In the usual course of our business we are asked to assist when a sudden disability or death of a health care practitioner/owner has occurred.
The initial reaction and concern from the disabled practitioner, staff, family or advisors is that the practice is going to suffer without the presence of the principal owner and that patients will seek other providers. Most conclude that a business disaster is imminent. Much to their surprise, history proves them all to be incorrect.
Our first advice is to install a professional locum practitioner to attend to the patient needs. This is critical and not to be ignored. As difficult as it may be to accept this advice, it has to be business as usual for the preservation of the practice to assure the staff that their jobs are secure and that all practice financial obligations can be met. A short, temporary closure of 3 to 5 days is understandable and expected but after that the practice must be open for regular business hours at all costs!
And then a very unusual phenomenon begins to reveal itself.
Empathetic goodwill is our descriptor to explain why people go out of their way to show support for the business and the business owner.
Once the initial shock of the tragedy or the situation is absorbed, we often find that the staff begins to show incredible support for the business and they actually go above and beyond the call of duty. This is a natural empathetic response that happens after people adjust to the new norm. A norm where you, the principal, are no longer present.
We also learn that patients may show extra enthusiasm for helping your practice through the tribulations and they respond by honoring appointments.
Once some time has passed, usually about a month, we see that the practice with the support of the staff, the loyalty of the patients, and the aid of a professional locum, is actually doing as well and on some occasions even better than it did under the guidance of the previous owner. Yes, better than when you, the principal, were present!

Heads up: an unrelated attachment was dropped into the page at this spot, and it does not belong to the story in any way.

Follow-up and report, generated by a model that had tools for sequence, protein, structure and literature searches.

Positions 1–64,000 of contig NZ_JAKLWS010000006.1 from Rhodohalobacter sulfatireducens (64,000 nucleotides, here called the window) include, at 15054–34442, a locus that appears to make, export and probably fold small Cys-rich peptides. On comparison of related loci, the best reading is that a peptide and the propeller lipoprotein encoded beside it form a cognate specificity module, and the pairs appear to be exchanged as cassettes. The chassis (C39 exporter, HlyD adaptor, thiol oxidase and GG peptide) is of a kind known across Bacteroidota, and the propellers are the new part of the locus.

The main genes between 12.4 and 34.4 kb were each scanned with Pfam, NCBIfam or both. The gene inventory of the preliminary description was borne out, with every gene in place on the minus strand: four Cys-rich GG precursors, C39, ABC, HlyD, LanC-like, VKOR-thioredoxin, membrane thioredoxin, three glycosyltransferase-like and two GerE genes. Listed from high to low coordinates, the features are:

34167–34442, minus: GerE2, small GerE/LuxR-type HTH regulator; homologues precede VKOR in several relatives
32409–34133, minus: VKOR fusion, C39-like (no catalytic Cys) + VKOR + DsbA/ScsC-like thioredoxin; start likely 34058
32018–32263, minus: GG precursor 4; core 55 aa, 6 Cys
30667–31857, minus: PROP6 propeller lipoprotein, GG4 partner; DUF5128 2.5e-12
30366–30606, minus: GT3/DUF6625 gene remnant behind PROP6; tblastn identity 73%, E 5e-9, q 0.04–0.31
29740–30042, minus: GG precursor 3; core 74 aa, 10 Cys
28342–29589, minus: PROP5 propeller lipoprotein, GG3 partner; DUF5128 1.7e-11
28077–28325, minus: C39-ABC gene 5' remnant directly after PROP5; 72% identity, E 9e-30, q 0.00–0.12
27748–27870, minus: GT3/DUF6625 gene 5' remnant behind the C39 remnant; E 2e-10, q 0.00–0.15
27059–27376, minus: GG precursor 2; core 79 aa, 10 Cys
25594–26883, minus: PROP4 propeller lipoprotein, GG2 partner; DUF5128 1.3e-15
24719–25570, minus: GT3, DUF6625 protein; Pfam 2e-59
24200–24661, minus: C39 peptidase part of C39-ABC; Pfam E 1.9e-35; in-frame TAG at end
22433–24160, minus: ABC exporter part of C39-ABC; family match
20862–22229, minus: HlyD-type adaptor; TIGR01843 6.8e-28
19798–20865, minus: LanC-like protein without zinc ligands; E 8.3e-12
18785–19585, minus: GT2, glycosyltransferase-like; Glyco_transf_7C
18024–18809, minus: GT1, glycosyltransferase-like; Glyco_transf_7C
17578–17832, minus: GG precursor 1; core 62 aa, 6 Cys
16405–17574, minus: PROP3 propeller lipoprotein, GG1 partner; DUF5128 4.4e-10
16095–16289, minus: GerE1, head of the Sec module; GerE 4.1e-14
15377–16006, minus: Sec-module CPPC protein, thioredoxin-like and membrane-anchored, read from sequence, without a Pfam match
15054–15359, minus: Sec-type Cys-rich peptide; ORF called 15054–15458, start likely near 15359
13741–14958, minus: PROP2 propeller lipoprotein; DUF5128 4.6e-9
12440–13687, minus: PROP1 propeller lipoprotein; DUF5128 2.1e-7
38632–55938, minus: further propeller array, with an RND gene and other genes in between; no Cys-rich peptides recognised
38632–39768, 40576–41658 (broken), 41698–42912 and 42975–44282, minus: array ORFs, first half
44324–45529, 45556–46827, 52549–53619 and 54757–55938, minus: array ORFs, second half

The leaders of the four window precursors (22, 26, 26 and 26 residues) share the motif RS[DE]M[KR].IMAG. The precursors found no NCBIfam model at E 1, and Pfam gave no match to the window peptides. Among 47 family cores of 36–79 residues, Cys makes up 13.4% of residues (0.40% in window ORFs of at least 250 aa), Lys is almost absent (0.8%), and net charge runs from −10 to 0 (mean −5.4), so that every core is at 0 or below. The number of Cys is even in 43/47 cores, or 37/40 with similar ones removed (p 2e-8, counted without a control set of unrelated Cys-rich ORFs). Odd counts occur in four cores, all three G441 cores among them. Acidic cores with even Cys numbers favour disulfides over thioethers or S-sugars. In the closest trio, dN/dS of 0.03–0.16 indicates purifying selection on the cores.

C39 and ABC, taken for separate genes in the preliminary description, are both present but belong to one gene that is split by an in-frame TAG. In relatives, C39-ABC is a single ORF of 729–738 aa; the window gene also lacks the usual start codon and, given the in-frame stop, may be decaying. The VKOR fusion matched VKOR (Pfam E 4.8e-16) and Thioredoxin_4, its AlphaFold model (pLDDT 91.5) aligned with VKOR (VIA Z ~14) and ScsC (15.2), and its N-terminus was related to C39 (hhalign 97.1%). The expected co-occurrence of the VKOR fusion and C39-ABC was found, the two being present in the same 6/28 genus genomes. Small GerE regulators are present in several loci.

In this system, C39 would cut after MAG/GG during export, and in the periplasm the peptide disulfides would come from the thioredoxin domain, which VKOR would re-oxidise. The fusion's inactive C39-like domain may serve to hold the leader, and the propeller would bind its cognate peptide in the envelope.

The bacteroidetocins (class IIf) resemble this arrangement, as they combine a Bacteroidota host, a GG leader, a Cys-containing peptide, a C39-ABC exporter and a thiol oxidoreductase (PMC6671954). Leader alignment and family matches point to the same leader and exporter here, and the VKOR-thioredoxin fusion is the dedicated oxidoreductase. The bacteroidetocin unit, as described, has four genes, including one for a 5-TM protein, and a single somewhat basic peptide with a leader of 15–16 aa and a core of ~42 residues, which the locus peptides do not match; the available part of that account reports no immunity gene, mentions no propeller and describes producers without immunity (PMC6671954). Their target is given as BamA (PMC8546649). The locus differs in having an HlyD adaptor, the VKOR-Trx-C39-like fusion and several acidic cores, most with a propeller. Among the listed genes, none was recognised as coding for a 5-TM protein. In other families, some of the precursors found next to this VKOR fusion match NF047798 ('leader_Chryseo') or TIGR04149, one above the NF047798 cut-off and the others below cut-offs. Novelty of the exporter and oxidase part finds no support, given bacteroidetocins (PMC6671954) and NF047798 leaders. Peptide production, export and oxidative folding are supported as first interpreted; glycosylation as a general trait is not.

This phenomenon can be further explained by the fact that people genuinely care and want to help those in need.
The summation of this discussion and this article is to suggest that if something terrible should happen to a business owner, you will be shocked, amazed, and surprised at how their staff’s loyalty and their patients’ support impacts the business in an incredible way. Your practice remains vibrant, productive, and is able to meet its debt and overhead obligations. The long-term result of taking the actions outlined here is that when it becomes necessary to sell the practice, it will have held its true monetary value.
Timothy A. Brown
CEO of Canada’s largest and longest standing appraisal and brokerage company.
is Chief Operating Office of ROI Corporation, Canada’s national professional practice and brokerage firm. Please contact her at Jackie.firstname.lastname@example.org or 1-888-764-4145.